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What Does ‘People-Centric’ Mean as Machines Get Smarter?

May 6, 2024
Some digital tools can put loads of stress on workers, such as when they relentlessly register every small deviation from a standard.

The buzz around the industrial metaverse and circular economy concepts was strong at Hannover Messe this year. But when I reflected on my visit to Germany’s leading industrial technology trade exhibition, one topic stood out as worthy of further contemplation: the notion of “people-centric manufacturing.”

Nearly all vendors, system integrators, and consultants in Hannover made a point of mentioning how wildly people-centric they are. In this vein, the European Commission’s new “Industry 5.0” approach promises substantial new benefits for industry, workers and society as a whole.

Some in Hannover were even heard to say, “Let’s make manufacturing people-centric again.”

But what does this really mean? Did manufacturers suddenly lose their focus on people and are now trying to regain it?

Twenty-five years ago, I started my career as a project manager at a Tier 1 automotive supplier that had around 800 employees. The factory had a safety and zero-waste culture in place, as well as work standards and a continuous improvement approach. Production was automated or semi-automated. Operators performed assembly tasks or ran machines. We had a training program. Both blue- and white-collar workers were at the center of the operation.

What has changed? Well, the rapid progress of technology — the convergence of advanced automation and the data-driven nature of almost every aspect of work — has been a real game-changer. It is easy to understand how some might feel lost or threatened in the current environment of immersive digital twins, AI and the threat of cybersecurity breaches.

The impact of technology differs, of course, according to region, company, industry and level of automation. There are differences between asset-intensive plants like steel mills and EV battery manufacturing plants that are less than a decade old. 

However, it’s been clear for a long time that requiring humans to perform repetitive tasks on the assembly line — especially when alternatives are available — is not very “people-centric.”

Has the use of digital tools made for more people-centric operations? Probably not. In some cases, these tools are even less people-centric than repetitive-task assembly lines. Some digital tools can put loads of stress on workers, such as when they relentlessly register every small deviation from a standard.

Does this mean the “people-centric” concept is merely a marketing ploy? Far from it.

Becoming a Real 'People-Centric' Technology Organization

Treating workers purely as production assets or calling them “full-time equivalents” doesn’t demonstrate sufficient respect for these critical creators of value.

As automation and digitalization, including AI-powered solutions, take over areas that were exclusively operated by humans for hundreds of years, it is important to continually upskill and reskill workers to ensure the human talent pool remains capable of doing the work that machines cannot.  On the shop floor, reskilling is about being able to work with digital tools—including AI co-pilots (for generating and optimizing complex automation code to shorten simulation times), augmented reality and predictive maintenance tools—and to be able to work with data, including leveraging no-code tools.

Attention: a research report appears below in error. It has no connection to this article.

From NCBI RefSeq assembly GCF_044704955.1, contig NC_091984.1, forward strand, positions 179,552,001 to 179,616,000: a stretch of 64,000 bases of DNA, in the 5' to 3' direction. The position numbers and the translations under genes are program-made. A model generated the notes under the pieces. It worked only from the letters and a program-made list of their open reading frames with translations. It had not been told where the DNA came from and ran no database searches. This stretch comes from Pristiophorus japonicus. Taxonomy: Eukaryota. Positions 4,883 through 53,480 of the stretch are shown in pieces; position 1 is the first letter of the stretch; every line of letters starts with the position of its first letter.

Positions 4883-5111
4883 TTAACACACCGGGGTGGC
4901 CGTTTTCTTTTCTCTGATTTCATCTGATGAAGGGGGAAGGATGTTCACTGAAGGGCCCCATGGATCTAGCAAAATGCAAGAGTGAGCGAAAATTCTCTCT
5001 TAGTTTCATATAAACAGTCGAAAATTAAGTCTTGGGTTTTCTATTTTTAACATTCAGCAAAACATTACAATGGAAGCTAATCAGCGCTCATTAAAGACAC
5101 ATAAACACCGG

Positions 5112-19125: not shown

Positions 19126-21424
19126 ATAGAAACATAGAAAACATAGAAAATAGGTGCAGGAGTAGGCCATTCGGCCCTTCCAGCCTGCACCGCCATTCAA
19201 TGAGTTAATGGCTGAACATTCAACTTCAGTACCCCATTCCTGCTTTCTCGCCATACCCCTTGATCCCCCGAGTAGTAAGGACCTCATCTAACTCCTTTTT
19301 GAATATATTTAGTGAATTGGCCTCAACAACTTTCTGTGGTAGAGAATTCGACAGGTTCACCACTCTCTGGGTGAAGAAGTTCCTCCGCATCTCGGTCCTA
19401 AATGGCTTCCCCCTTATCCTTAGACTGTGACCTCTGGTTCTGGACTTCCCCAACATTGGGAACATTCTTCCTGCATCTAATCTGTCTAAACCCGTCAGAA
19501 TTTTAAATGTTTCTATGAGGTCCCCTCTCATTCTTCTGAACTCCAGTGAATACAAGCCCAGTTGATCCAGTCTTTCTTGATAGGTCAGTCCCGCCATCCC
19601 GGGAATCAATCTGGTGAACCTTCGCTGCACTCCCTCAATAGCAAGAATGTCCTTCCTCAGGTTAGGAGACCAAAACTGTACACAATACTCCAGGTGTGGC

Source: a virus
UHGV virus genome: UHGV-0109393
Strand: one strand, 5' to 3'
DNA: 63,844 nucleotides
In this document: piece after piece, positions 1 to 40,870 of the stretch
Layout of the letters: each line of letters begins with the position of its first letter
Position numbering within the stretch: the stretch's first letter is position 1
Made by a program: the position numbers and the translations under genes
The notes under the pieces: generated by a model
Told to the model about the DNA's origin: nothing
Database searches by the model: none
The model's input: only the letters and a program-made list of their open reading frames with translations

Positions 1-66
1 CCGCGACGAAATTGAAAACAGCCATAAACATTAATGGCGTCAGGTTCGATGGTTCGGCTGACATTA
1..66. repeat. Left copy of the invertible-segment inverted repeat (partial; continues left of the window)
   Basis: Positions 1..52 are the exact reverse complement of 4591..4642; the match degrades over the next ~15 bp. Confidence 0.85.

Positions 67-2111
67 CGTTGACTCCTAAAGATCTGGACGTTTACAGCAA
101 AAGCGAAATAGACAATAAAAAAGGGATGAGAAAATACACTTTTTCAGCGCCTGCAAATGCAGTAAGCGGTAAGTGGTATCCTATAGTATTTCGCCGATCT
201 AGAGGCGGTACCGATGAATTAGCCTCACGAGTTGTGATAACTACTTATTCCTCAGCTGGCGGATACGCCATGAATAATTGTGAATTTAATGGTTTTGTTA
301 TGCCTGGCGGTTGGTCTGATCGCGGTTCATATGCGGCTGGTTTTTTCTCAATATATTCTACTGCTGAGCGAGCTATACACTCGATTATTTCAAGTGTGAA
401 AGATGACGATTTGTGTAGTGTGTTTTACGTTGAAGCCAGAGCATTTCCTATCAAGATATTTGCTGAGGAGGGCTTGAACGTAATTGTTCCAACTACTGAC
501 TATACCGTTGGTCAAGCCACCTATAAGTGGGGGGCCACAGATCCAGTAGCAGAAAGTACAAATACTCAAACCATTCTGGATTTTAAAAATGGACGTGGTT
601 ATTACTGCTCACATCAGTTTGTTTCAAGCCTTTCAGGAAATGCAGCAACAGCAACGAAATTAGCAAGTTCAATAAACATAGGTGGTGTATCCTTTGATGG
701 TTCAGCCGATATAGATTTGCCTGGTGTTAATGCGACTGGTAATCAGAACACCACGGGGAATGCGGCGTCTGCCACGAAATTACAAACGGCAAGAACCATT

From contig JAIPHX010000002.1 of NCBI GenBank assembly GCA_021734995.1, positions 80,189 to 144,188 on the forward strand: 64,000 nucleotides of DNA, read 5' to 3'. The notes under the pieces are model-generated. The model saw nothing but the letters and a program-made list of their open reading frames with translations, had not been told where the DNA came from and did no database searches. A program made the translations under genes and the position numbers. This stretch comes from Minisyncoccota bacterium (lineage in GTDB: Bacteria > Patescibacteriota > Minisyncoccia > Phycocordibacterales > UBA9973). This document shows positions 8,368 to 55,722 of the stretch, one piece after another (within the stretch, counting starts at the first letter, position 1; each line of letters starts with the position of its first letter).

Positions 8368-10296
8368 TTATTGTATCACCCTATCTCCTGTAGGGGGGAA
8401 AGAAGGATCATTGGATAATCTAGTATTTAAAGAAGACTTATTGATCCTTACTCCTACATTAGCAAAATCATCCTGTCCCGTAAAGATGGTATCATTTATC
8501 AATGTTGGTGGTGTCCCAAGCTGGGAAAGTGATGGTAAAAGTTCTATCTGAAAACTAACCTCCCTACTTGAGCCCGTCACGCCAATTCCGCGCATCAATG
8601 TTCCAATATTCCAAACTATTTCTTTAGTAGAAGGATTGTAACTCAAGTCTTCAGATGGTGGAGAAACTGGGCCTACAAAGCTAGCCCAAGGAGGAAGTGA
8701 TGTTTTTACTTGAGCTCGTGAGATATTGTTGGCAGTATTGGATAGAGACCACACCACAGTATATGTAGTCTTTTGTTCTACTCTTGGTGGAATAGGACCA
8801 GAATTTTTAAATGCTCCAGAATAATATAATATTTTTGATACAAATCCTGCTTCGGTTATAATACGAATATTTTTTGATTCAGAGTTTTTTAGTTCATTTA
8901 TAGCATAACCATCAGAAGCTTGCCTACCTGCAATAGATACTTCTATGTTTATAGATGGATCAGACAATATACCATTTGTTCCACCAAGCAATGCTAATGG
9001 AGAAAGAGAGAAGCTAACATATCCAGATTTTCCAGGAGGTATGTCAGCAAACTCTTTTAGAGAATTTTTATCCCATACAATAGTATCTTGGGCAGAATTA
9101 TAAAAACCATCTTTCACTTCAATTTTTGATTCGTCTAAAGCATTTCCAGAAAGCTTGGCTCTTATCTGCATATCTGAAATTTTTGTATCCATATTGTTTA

Still, for the foreseeable future, people will continue to do repetitive work because of their flexibility and because human labor for some tasks is still cheaper than automation. This is where implementation of an enhanced safety culture, ergonomics and digital solutions like co-pilots and digital-based man-machine collaboration can demonstrate respect for the humans who build a company’s success.

The real-life evidence shows that companies that implement a sustainable, people-centric technology culture benefit from reduced employee churn and the retention of skilled workers — and are likely to see productivity gains as a result.

Building a sustainable people-centric culture isn’t a slogan. It’s about genuine respect, continuous development and leveraging technology like generative AI-powered co-pilots to improve working conditions. 

Numerous outstanding examples already exist, one of which came from my conversation with a representative from a U.S.-based automotive supplier. This supplier is using generative AI technology for comprehensive knowledge management across the company—encompassing guidelines, product details and engineering insights. The implementation of this technology is expected to boost efficiency by 2-3% for its workforce of over 3,500 employees.

Another commendable approach that underscores a people-centric ethos is using generative AI for contextual translation of documents and work instructions to accommodate employees who are not native speakers. The CIO of a U.S. automotive supplier I spoke with said “rather than wait for manual translation of documents,” the company plans to “quickly begin translating all written material (such as working instructions) in advance of employee requests.” (Of course, before work instructions are made available to workers, the translations must be reviewed for accuracy by a human.)

Embracing a human-centric perspective amid the dominance of technology in a company’s processes may present challenges, yet it holds the key to unlocking competitive advantages.

Jan Burian is senior director, head of IDC Manufacturing Insights EMEA and leader of Europe: Future of Operations Practice.

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